Pumpkin Turmeric Latte

pumpkin turmeric latte

I have never been a “winter” person. I just hate the cold. But, over the years as I have learned to practice gratitude on a daily basis, I have found many things I love about winter. Don’t get me wrong — I still prefer a beach to a snowy mountain, but there are so many reasons to truly be happy about winter. And one of those things is a steaming cuppa… And this cuppa pumpkin turmeric latte is really something to make you smile, no matter how frigid the temp outside may be. Brrrrrrrrrrrrr….

Other than steaming favorful lattes, some of the things I now truly feel grateful for about winter are:

* Watching huge snowflakes fall from the sky (okay, so a lot of the time, I’m inside watching them, but still grateful)
* Christmas music (all the way from Thanksgiving to New Years)
* Fuzzy boots
* Big cozy sweaters
* Delicious bowls of hot steaming soup
* The smell of chestnuts roasting in the street vendors’ carts (yup, it’s just like the song says)
* My dogs’ total happiness in the snow
* Christmas movies

During the winter, I experiment with latte recipes all of the time. I mean, it’s like I’ve become possessed or something. And, I have never steamed my milk! I heat up my ingredients in a pot and these blitz it in the blender and pour it into my favorite mug. And ta-da we have an awesome latte.

Turmeric lattes are all the rage right now. There’s a little cafe around the corner from me that has them on the menu. But… blechhhhhh… they are gross. And I have no idea why. I mean, if you are putting in the right ingredients, it’s not hard to make it come out right. Anyway, these are the right ingredients, so go ahead whip this up!

And, after you drink this awesome pumpkin turmeric latte, if you want to try another warming winter recipe, try my Hot Chocolate Smoothie Bowl!

pumpkin turmeric latte

Here are some of the healing ingredients in this pumpkin turmeric latte:

Pumpkin can help reduce pain and fever and can soothe stomach irritations. It’s a great food to treat constipation, allergies and asthma. It’s high in vitamin A and can help protect your lungs and intestines from cancer.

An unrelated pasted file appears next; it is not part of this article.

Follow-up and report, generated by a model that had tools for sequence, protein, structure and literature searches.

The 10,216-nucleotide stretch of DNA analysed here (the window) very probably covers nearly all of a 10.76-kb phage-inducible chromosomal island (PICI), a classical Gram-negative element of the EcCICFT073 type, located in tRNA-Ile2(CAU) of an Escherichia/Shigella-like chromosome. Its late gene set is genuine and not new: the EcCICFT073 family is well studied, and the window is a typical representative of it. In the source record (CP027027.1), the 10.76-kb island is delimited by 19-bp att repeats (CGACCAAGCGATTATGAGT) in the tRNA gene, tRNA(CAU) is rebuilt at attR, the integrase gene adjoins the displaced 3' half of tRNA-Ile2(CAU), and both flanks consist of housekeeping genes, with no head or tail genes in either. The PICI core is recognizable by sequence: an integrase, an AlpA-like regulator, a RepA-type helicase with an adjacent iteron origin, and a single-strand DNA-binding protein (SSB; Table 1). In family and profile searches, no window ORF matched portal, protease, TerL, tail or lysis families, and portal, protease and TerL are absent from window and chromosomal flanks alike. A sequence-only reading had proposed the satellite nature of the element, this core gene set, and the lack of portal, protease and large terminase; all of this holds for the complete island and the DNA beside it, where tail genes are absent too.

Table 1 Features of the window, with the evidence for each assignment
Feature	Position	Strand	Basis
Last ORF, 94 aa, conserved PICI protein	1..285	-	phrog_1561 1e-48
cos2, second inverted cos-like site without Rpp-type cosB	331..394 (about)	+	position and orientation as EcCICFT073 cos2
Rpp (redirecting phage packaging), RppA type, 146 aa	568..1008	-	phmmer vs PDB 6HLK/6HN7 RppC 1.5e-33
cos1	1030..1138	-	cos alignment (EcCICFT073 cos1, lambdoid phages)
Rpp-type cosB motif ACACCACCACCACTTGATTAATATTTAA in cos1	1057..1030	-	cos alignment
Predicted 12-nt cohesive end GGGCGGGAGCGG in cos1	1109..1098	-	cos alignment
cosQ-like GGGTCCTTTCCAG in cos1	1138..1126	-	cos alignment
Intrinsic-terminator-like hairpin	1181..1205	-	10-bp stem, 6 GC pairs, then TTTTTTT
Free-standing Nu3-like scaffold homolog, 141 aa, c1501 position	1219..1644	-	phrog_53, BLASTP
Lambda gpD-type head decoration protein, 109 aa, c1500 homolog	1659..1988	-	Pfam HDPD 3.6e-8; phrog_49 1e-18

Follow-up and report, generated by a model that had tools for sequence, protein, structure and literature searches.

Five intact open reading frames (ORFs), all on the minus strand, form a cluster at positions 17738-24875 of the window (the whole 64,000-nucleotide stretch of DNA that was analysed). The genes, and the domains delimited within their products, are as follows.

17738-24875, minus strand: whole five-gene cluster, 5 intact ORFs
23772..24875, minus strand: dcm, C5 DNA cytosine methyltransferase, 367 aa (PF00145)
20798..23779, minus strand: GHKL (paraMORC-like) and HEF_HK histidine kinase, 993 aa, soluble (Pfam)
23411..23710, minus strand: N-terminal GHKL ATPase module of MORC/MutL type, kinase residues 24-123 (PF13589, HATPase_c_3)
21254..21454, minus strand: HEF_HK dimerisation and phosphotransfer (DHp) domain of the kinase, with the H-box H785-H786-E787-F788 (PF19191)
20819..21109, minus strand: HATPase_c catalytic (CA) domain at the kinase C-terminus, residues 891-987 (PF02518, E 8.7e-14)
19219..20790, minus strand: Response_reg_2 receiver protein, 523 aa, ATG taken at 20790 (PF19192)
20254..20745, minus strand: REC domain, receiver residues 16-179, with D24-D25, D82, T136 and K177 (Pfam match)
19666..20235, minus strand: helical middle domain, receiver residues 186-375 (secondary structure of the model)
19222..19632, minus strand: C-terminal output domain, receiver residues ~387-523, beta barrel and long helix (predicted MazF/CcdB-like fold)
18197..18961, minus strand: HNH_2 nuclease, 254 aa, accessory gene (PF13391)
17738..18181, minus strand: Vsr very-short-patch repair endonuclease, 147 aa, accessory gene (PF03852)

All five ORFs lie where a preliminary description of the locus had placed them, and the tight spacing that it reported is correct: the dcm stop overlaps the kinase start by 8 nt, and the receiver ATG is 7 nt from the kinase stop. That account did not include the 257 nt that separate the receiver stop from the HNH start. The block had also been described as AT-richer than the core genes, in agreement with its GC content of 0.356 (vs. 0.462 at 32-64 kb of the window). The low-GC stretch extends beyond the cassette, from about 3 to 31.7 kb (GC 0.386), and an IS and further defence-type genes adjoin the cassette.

Turmeric is actually a Chinese herb (Jiang Huang). It is great for reducing inflammation throughout the body. If you suffer from aches and pains in your joints, try turmeric. It can help relieve menstrual pain and some other abdominal pains but, if you are pregnant, ask your doctor before you eat too much turmeric.

Black pepper is also a Chinese herb (Hu Jiao). It’s used to control vomiting and diarrhea and is good for some stomach pains. This common herb also can help the body more easily absorb nutrients, and it is sometimes prescribed to lessen the symptoms of respiratory ailments. Be sure to use black pepper whenever you use turmeric, because it increases the body’s ability to absorb the turmeric.

Collagen strengthens bones and muscles, keeps your joints healthy, improves flexibility and concentration, and helps heal your digestive system. It also keeps you looking youthful.

Dates are rich in potassium, dietary fiber and tannins. Fiber is good for your gut and tannins help the body fight inflammation and infection. Dates are also rich in vitamin A and iron. The most amazing thing about dates is that they can be used to replace sugar in almost anything. I stopped using sweetened protein powders in my smoothies and now I use unsweetened ones but I add a few dates.

Cinnamon is one of the best herbs to warm the body. It’s great if you have a cold. If you are nauseous or have diarrhea, go for the cinnamon. It also gives you energy and helps with menstrual pain. Cinnamon is a Chinese herb: “gui zhi” is the cinnamon twig and “rou gui” is the cinnamon bark. Both are warming and are used for a variety of ailments. In the winter I add cinnamon to all sorts of foods. It helps with the common cold, swelling, various menstrual issues and some aches and pains. Be careful with it if you have a fever because it is so warming.

In Asian medicine, we use coconut to strengthen the body, reduce swelling, and stop bleeding. Coconut kills viruses, bacteria, and parasites. It’s good for all types of infections and viruses in the body, including the flu, bronchitis, tapeworms, urinary tract infections, and herpes. And perhaps most importantly, it helps you keep your mind sharp and it makes it easier for you to focus. I like to use full-fat canned coconut milk for these lattes.

pumpkin turmeric latte

Pumpkin Turmeric Latte
Recipe type: beverage, latte, hot drink
Cuisine: paleo, whole30, breakfast, snack, dairy-free
Prep time: 
Cook time: 
Total time: 
Serves: 3
This is the perfect cup of steaming deliciousness. It's so healing and no steamed milk is required. I make mine with dairy-free milk.
  1. Heat the coconut milk and the water in a small pot.
  2. Pour the hot milk into your blender and add the rest of the ingredients.
  3. Whiz it up good.
  4. Enjoy!

pumpkin turmeric latte

Salt And Pepper Roasted Green Beans

These salt and pepper roasted green beans are a deliciously simple way to improve your digestion…

salt and pepper roasted green beans

Sea salt is awesome. I don’t think it’s on the official superfoods list, but it should be. Did you know that if you don’t have enough salt, your body gets dehydrated? And if you are getting the right amount of salt, then your energy levels will improve. So, try these salt and pepper roasted green beans… they are a quick, delicious fix!